Nordic Music Central Viking Hero

IB (Denmark) – Nordly (sample track from debut album Upserver)

Here’s an unusual one from IB, the musical moniker for Ian Brodersen, out of Buresø, to the northwest of Copenhagen.

I’ve come across numerous homemade musical instruments during the 10 years or so I’ve been doing this, for example the ‘flugabone’ that Kristoffer Lo used to play with Highasakite, a shortened trombone with valves fitted into it, and assorted other knickknacks.

IB’s party piece is bringing life back to old stainless steel bowls and dishes, giving discarded kitchenware the opportunity to serve something they’ve never served before – sound.

His speciality is the Inoxfon or Inoxphone, a kind of percussion instrument made out of multiple stainless steel (‘inox’, en français) on which you can play music and “create anti-waste from waste”.

A bit like steel drums I suppose, but on a stellar scale, acquired from recycling centres and second hand stores, and it took him 20 years to build it and almost as long to tune it. Then there is the gear required to play it, including drumsticks, bamboo sticks, homemade violin bows and fishing lines. He houses it all in a barn. It would be out of place in the living room.

I reckon IB is perfect fodder for those just out of peak viewing time TV programmes where they feature the arcane and the bizarre in a desperate attempt to retain your attention but it’s a deadly serious business to him. He calls it an upcycling or upserving project, hence the album title.

With the project, IB hopes to inspire us to become better at seeing and hearing the possibilities in what is given – and in things that initially have low value for many of us. I reckon it might even be considered a fringe version or trait of the Japanese wabi-sabi philosophy. They seem to be obsessed with finding the real value of old or apparently useless items.

His background is in compositions and sound design for film and theatre at places like the Royal Theatre, Aveny-T, and Grønnegårds Teateret. And he lived in London for four years where he played in a band in which they argued more than they played music. About which dish to belt with a ladle, I expect.

His objective is, he says, “to make music that is equal parts minor (key or chords I assume)-based, psychedelic, and cinematic, brimming with associations to oriental street markets, the Middle Ages, sound healing, Western underground grunge, and a future that has called to say it’s having a great time.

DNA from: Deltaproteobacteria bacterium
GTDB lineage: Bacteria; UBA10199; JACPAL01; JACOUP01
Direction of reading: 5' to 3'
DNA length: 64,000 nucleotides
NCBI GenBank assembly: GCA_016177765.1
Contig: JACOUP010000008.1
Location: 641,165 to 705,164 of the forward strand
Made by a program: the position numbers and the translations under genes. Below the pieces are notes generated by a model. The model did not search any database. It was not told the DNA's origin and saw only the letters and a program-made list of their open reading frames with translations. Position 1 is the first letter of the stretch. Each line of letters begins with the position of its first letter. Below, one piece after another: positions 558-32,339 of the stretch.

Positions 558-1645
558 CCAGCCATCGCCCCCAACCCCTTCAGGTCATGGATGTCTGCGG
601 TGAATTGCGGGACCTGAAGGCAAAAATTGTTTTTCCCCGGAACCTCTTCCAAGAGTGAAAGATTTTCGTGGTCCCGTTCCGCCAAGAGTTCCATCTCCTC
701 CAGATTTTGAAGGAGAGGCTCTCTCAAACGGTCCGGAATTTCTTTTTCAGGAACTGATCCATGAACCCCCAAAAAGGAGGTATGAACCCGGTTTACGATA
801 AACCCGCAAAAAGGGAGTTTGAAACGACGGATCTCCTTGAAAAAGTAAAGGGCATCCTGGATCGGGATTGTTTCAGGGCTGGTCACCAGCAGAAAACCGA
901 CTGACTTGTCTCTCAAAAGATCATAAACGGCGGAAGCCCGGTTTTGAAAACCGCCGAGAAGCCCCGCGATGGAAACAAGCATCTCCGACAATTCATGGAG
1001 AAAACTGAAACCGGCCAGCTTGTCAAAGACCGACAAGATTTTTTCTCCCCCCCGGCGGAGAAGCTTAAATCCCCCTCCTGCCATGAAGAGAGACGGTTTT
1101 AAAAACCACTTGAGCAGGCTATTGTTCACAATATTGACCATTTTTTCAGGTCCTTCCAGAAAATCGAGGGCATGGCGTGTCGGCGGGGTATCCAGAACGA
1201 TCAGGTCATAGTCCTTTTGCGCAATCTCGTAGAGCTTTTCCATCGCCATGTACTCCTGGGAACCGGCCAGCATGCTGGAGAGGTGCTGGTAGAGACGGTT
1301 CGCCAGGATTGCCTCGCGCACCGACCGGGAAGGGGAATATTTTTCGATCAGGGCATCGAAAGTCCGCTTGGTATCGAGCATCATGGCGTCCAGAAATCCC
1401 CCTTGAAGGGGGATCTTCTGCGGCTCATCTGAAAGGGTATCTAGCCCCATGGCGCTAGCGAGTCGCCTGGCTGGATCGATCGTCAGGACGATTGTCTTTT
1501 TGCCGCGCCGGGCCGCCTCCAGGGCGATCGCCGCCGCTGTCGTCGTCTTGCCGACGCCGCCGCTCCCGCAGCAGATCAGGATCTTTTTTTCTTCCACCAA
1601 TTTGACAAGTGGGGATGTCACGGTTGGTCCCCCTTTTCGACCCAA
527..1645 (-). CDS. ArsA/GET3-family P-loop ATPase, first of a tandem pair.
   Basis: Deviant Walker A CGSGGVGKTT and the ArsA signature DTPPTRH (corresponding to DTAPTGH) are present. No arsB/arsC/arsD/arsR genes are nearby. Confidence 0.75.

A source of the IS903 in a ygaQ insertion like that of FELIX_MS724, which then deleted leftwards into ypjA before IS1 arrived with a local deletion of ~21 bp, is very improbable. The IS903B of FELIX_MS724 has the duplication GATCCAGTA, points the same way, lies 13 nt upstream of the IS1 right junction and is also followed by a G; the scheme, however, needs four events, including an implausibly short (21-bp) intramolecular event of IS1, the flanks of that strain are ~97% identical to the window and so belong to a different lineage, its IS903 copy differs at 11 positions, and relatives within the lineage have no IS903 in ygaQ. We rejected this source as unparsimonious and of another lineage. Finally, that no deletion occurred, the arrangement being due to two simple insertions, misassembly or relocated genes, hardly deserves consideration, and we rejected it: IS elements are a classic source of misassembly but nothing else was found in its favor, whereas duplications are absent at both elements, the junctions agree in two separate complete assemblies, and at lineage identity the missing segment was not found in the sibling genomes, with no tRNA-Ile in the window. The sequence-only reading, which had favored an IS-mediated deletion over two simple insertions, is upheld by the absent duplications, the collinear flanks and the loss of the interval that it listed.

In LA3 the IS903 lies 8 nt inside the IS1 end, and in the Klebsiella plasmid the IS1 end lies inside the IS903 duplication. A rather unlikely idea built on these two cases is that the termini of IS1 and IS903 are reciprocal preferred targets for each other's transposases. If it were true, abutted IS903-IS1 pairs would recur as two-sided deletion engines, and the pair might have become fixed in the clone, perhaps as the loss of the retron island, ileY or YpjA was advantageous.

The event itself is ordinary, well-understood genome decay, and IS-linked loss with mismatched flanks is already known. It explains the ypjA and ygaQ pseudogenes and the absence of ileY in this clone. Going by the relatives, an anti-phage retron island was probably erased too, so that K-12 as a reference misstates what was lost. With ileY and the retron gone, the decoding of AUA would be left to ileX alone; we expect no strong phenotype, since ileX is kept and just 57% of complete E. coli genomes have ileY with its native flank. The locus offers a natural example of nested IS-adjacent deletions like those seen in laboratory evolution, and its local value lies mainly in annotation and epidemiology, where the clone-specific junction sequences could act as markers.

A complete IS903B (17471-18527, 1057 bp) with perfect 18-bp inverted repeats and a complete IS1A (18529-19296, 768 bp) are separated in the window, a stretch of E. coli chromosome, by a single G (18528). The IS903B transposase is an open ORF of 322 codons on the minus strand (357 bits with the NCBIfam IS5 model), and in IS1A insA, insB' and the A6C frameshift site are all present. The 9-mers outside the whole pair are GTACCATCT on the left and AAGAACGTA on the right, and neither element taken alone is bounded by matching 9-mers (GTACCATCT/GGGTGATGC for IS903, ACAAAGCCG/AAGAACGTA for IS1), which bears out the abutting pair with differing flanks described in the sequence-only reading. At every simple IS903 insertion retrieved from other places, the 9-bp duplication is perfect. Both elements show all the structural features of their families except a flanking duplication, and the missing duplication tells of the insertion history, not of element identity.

He doesn’t lack in ambition. All that from steel bowls.

The sample track I chose from his debut album ‘Upserver’ is ‘Nordly’, simply because I was advised it is “the catchiest.” Well that certainly helped narrow down the options. It translates as ‘North shelter’ in Mr Google but I’m none the wiser. I noticed that other tracks are called ‘Waste Opening’, which sounds like he might be using a drainpipe or a toilet seat as an instrument and ‘Inner Tube’. Surely not?

I don’t know how many people it took to play it but there must have been many unless he’s multi-tracked it numerous times. It sounds like the collective output of the Notting Hill Carnival.

About a third of the way through it picks up a Middle Eastern rhythm as the bow comes into play and thereafter it gets proggy, with a solid bass line (is a bass guitar allowed in this set-up?) and what sounds like a synthesised mouth organ.

Then it plays out with a dish version of a cinematic score, with the closest we get to an actual tune in what could be the background music to one of those 1970s TV crime/cop dramas like Man in a Suitcase.

In all seriousness I didn’t think I was going to like it but to be fair IB is very adept at what he does. He isn’t fooling around here; he is creating very real and very unusual music. An entirely new genre one might say.

Alt Dish-Rock, anyone?

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